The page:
Washington, D.C. — A landmark approval by the FDA will put the first marijuana-derived prescription drug behind pharmacy counters this fall. Made from cannabidiol (CBD) and containing no mind-altering tetrahydrocannabinol (THC), Epidiolex is approved to treat two rare types of epilepsy, Lennox-Gastaut Syndrome and Dravet Syndrome, in which seizures begin in early childhood and can produce devastating effects down the line.
The medicinal potential of CBD has intrigued scientists for a long time, but it’s been difficult to probe on account of strict marijuana regulations, even in academia. Epidiolex’s road to approval is an uncommon one, highlighting the extraordinary journey of one patient—and his mother.
Berkeley, Calif. native Sam Vogelstein was four years old when he experienced his first seizure, and it wasn’t long before he was having as many as 100 seizures a day. His particular condition, called Epilepsy with Myoclonic-Absences, is classified as a refractory epilepsy, meaning that it resists conventional treatment and tends to persist into adulthood. The procession of prescription drugs that Vogelstein got from his doctor gave him severe hallucinations, anger-management issues, and full-body rashes. His mom, Evelyn Nussenbaum, grew increasingly frightened, and he fell behind in school.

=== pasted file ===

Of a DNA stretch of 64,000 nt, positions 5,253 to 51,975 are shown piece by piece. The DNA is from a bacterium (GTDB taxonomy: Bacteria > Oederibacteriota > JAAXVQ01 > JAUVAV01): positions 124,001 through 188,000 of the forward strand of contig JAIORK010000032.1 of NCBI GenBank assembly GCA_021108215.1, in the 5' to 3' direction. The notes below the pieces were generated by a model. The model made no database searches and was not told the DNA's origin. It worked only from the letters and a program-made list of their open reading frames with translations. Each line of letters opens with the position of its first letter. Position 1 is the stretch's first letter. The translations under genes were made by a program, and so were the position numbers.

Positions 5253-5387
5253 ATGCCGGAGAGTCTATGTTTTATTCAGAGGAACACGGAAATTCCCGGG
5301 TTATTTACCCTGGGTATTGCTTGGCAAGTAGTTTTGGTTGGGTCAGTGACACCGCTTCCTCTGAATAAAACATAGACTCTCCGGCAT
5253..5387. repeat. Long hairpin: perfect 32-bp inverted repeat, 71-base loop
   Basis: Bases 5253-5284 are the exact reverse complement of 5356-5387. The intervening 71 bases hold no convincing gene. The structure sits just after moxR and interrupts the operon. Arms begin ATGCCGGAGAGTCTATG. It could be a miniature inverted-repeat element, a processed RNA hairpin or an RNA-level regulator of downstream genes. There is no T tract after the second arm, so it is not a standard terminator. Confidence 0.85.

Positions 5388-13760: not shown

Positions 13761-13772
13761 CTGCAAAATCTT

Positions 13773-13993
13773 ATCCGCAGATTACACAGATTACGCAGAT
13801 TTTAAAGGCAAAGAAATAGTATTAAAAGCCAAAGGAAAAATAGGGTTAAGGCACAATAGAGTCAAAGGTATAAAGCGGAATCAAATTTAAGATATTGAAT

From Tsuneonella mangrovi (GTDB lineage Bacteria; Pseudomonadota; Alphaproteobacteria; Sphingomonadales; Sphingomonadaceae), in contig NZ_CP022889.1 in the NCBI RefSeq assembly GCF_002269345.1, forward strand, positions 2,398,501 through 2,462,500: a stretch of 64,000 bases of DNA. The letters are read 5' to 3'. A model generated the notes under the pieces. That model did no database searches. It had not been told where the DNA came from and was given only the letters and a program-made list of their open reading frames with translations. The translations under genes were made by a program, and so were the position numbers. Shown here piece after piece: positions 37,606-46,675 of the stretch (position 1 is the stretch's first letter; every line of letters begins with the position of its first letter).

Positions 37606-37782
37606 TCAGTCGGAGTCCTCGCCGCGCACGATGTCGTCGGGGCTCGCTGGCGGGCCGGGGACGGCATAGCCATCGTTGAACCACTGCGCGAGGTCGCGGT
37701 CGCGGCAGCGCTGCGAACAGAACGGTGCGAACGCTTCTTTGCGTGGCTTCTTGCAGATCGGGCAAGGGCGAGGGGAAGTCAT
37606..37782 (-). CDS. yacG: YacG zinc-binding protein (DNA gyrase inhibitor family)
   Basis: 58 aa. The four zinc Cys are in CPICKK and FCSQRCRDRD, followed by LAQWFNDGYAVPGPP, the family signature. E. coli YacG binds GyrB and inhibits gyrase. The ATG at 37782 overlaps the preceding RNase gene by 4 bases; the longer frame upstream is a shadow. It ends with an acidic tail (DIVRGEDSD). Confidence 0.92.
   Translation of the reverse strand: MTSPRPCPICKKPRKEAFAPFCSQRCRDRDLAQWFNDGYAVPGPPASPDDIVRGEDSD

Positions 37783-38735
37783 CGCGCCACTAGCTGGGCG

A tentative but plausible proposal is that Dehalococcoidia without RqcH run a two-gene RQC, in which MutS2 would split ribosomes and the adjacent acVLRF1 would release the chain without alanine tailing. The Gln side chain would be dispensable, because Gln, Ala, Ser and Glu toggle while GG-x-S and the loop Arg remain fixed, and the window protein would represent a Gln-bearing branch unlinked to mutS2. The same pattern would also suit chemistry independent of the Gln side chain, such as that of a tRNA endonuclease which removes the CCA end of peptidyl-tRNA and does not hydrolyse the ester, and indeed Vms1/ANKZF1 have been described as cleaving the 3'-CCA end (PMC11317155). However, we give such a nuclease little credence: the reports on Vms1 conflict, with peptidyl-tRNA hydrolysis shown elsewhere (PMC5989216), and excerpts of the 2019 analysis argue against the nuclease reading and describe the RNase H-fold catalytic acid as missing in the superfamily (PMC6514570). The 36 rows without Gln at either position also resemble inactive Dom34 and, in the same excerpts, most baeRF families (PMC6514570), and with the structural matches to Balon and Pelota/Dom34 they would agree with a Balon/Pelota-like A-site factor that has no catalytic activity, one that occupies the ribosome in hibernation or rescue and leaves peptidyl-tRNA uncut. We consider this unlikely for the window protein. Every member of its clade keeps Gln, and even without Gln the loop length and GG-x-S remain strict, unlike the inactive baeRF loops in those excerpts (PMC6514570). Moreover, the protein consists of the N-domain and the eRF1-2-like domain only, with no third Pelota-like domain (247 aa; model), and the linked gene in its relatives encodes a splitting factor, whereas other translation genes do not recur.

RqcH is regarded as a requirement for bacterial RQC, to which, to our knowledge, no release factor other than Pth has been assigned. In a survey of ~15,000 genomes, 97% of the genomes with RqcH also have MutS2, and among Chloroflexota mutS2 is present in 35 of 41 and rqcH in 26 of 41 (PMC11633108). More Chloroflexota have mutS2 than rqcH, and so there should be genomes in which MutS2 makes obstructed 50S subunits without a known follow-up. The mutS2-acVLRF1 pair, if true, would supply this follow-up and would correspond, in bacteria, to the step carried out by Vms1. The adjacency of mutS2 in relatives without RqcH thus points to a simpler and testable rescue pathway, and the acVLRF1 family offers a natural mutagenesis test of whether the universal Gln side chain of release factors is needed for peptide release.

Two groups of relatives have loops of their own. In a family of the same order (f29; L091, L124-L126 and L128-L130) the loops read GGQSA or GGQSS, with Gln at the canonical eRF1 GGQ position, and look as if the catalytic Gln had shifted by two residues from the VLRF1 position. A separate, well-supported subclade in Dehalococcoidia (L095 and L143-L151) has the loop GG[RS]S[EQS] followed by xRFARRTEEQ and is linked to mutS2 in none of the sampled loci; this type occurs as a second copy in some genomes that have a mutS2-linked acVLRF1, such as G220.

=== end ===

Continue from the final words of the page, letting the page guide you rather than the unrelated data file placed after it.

Seven years ago, Nussenbaum happened upon a journal article about CBD effectively treating seizures in rats. But the substance was still difficult to obtain—and illegal. Later, after hearing that GW Pharmaceuticals, the British company that now manufactures Epidiolex, was studying the effects of CBD on Multiple Sclerosis patients, she spent months working to persuade them to let her son sample the treatment, which he was ultimately permitted to do: under strict doctor supervision, in London. After just three days, the results were staggering: his daily seizure tally was down to one, with zero side effects.
The London trial was just two weeks long. In collaboration with doctors back home in California, Nussenbaum spent four months petitioning the FDA to permit her son to have more CBD. Ultimately, the administration approved a one-person clinical trial. Vogelstein, now 17, has been seizure-free for over two years.
Why This Matters
While CBD is legal now, available online and all over, quality and dosage tend to vary substantially—because the substance is not regulated like prescription medications—and it’s thus an unviable course of treatment for a serious condition. But thousands of epileptic patients will be able to count on a prescription CBD-based drug for relief. Additionally, the approval of a marijuana-derived medication may also herald more vigorous research into the plant’s broader healing potential.